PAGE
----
Attorney General Curtis Hill has joined a coalition of attorneys general urging the U.S. Congress to extend the Coronavirus Aid, Relief, and Economic Security (CARES) Act funding until the end of 2021.
In a letter, the attorneys general advise Congress that such an extension would give states and local communities additional time to utilize precious COVID-relief resources. Several measures that would enact this extension are already pending in both the U.S. House and U.S. Senate.
COVID-19 has negatively impacted nearly every facet of American society. In anticipation of unprecedented costs and economic disruption stemming from the pandemic, Congress passed the CARES Act in March. The move provided more than $2 trillion in economic stimulus to state and local governments in an effort to combat the impacts of the pandemic.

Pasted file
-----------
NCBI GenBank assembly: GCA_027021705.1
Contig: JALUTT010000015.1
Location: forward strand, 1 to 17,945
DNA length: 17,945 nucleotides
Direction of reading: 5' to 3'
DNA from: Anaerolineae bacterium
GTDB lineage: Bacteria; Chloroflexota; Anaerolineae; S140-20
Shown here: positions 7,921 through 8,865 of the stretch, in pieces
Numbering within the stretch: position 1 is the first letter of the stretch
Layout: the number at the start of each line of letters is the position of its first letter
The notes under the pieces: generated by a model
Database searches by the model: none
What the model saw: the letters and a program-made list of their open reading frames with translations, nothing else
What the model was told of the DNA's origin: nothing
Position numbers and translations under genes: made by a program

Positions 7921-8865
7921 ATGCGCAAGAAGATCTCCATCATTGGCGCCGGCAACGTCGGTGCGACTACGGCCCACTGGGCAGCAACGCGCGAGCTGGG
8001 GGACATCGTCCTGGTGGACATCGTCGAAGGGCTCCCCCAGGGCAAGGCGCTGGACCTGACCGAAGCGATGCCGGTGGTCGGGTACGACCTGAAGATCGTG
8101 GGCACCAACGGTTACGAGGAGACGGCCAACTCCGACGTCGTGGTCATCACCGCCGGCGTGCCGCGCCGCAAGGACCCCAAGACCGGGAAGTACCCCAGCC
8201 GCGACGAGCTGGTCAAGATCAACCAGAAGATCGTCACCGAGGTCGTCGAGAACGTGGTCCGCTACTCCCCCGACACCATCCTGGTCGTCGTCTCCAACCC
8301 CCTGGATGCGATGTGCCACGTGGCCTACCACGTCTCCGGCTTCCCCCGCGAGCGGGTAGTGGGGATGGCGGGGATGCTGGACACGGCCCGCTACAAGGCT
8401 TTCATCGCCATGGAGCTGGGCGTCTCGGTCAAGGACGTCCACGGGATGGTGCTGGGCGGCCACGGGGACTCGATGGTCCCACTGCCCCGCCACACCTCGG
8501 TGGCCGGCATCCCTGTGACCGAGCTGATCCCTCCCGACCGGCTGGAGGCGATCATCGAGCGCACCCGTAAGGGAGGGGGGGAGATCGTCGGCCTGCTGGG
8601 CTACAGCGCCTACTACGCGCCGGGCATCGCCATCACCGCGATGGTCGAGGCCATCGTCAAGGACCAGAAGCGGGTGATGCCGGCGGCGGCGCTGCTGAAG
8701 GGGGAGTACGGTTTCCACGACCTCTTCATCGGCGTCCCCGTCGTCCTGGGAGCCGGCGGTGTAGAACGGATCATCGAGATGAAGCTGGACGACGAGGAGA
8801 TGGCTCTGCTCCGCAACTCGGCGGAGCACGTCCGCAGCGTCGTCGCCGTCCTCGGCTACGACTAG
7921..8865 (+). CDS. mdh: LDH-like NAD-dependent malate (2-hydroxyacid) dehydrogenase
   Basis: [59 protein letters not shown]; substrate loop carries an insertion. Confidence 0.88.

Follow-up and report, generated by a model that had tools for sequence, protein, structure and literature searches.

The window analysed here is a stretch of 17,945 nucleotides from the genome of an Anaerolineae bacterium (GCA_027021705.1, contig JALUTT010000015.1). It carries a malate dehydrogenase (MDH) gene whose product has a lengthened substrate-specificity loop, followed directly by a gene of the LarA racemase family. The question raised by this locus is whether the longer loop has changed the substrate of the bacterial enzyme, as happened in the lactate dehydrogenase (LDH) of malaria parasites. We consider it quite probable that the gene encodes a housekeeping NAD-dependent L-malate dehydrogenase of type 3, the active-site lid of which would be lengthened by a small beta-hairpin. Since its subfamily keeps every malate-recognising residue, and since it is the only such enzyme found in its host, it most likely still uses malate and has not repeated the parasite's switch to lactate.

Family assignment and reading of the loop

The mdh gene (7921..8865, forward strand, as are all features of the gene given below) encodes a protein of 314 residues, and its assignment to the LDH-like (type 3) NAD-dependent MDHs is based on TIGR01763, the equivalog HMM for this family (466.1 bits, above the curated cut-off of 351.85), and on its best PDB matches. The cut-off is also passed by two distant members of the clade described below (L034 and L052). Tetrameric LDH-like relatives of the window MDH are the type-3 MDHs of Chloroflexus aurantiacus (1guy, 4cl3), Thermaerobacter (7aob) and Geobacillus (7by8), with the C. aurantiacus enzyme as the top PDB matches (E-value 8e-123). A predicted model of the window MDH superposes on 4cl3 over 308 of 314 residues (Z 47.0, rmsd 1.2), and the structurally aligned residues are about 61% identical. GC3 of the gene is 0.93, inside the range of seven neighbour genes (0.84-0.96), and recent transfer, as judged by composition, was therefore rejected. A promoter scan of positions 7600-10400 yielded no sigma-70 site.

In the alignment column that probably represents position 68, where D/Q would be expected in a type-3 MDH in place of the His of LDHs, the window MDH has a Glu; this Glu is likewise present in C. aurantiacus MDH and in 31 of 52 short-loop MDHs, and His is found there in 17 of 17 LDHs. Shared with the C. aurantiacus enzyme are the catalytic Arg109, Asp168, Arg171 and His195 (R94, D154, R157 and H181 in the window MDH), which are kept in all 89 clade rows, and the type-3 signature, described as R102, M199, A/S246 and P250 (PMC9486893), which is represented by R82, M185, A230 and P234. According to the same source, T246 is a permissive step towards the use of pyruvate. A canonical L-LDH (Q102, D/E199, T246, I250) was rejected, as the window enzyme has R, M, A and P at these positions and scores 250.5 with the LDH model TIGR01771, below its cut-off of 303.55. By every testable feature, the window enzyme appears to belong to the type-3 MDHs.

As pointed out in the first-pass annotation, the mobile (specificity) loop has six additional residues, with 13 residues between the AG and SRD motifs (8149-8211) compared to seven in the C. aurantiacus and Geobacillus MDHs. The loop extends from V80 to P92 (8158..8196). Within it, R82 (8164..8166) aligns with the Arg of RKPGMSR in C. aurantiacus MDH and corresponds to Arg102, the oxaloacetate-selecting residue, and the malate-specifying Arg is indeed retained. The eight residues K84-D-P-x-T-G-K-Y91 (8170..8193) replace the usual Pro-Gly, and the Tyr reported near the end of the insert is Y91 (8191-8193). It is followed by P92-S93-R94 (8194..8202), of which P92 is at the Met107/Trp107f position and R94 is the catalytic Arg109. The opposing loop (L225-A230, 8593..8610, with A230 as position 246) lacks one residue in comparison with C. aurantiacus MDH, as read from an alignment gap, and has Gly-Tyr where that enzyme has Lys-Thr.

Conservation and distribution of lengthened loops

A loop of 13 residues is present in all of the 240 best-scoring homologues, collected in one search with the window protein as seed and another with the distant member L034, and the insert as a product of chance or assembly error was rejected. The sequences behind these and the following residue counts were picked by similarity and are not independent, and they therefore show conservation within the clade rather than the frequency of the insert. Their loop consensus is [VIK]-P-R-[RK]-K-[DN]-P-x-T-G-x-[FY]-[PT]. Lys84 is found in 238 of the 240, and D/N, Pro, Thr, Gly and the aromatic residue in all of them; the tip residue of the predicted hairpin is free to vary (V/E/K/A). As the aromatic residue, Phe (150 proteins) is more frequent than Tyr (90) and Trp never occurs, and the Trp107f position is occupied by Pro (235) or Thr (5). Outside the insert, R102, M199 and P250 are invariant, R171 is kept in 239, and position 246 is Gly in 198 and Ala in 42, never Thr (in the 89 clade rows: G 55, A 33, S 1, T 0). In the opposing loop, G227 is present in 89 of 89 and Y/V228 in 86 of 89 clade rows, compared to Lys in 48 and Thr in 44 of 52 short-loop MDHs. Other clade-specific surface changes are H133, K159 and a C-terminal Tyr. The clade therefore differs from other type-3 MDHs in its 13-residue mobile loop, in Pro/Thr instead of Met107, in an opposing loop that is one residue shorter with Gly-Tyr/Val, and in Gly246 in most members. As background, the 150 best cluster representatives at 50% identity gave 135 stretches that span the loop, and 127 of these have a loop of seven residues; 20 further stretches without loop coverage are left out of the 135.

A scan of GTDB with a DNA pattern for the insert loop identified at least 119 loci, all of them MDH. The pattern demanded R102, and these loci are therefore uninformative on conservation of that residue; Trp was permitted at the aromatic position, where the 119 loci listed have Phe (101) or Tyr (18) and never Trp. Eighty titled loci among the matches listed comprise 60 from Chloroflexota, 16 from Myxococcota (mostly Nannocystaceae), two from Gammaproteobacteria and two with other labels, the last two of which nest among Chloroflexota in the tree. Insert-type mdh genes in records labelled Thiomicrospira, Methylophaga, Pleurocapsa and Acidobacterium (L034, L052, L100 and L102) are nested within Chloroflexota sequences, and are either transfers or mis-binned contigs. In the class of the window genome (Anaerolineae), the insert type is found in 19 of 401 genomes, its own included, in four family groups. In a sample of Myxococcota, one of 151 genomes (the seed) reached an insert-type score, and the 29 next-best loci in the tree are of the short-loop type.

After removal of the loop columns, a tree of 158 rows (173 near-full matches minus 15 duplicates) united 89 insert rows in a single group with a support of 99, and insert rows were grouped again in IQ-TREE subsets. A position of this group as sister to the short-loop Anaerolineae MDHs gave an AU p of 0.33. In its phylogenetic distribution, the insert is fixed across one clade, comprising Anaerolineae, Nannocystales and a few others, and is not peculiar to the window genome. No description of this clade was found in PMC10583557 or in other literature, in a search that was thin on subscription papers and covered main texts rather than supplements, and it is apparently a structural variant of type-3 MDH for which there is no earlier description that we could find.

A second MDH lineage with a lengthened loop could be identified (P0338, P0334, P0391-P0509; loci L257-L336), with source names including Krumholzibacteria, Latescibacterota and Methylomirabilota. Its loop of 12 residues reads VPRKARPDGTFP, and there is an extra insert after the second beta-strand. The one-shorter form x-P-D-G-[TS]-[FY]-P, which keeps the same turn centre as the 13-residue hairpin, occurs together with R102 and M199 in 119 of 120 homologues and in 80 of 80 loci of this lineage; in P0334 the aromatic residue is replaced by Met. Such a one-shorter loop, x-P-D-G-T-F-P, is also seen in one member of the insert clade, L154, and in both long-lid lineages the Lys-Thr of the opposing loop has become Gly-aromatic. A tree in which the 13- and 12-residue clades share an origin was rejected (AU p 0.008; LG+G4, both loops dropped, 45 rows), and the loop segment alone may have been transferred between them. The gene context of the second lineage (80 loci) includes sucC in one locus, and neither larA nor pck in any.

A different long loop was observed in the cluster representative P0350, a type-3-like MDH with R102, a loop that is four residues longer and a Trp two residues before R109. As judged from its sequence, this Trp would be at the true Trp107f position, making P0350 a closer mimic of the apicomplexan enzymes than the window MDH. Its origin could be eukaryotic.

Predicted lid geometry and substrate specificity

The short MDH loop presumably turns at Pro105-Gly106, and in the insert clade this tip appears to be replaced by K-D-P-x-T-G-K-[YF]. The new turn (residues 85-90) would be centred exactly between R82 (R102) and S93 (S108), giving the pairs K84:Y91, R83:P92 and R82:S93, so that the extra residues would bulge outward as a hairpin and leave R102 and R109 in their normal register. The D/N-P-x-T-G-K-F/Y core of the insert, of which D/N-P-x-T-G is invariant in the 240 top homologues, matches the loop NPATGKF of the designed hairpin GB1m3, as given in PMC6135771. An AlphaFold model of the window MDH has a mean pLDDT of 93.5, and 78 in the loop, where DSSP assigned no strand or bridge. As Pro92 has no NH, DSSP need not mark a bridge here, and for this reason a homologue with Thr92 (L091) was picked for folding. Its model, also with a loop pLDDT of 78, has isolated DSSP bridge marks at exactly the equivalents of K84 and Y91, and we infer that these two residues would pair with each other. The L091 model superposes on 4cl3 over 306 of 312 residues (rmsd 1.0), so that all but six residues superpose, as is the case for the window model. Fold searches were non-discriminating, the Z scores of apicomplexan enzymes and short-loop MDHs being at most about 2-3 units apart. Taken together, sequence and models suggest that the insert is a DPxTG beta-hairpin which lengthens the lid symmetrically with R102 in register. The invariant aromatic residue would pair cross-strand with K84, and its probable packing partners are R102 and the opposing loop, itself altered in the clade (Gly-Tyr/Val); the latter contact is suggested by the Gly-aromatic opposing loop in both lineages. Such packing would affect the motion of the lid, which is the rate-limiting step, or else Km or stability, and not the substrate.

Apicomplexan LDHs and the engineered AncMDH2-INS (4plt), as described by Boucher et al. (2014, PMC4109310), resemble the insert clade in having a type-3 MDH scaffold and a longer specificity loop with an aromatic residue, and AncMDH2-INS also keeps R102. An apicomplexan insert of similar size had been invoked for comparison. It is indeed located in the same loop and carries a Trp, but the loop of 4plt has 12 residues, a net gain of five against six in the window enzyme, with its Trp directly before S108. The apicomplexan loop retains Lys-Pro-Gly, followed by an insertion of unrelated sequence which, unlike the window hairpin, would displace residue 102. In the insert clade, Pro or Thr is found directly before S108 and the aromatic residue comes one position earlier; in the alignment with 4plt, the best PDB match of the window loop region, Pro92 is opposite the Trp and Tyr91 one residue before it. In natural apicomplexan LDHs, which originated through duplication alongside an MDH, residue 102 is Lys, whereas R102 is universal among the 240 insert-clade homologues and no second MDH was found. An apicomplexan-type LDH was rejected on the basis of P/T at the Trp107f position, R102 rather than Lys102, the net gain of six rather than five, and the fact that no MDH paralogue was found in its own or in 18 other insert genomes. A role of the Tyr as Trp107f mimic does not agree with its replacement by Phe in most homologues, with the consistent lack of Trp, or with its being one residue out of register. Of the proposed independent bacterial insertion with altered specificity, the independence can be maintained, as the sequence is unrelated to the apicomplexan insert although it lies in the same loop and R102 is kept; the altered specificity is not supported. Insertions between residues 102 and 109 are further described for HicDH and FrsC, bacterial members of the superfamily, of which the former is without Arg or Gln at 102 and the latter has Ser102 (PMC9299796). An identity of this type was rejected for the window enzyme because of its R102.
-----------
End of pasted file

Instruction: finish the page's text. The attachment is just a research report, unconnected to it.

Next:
One of the restrictions placed on the funding, however, limits the money’s use to expenses incurred between March 1, 2020, and December 30, 2020.
“This time frame likely made sense in late March when the CARES Act was passed, but we have learned a great deal about COVID-19 in the past seven months,” the letter states. “Among other things, we know that the pandemic will continue to challenge communities well beyond December 30, 2020 — a deadline that now seems unreasonable.”
As the pandemic continues to set record infections, states and local communities will continue to incur COVID-related expenses next year. By extending the deadline, communities nationwide will be able to be more strategic with the use of CARES Act funds, the attorneys general said.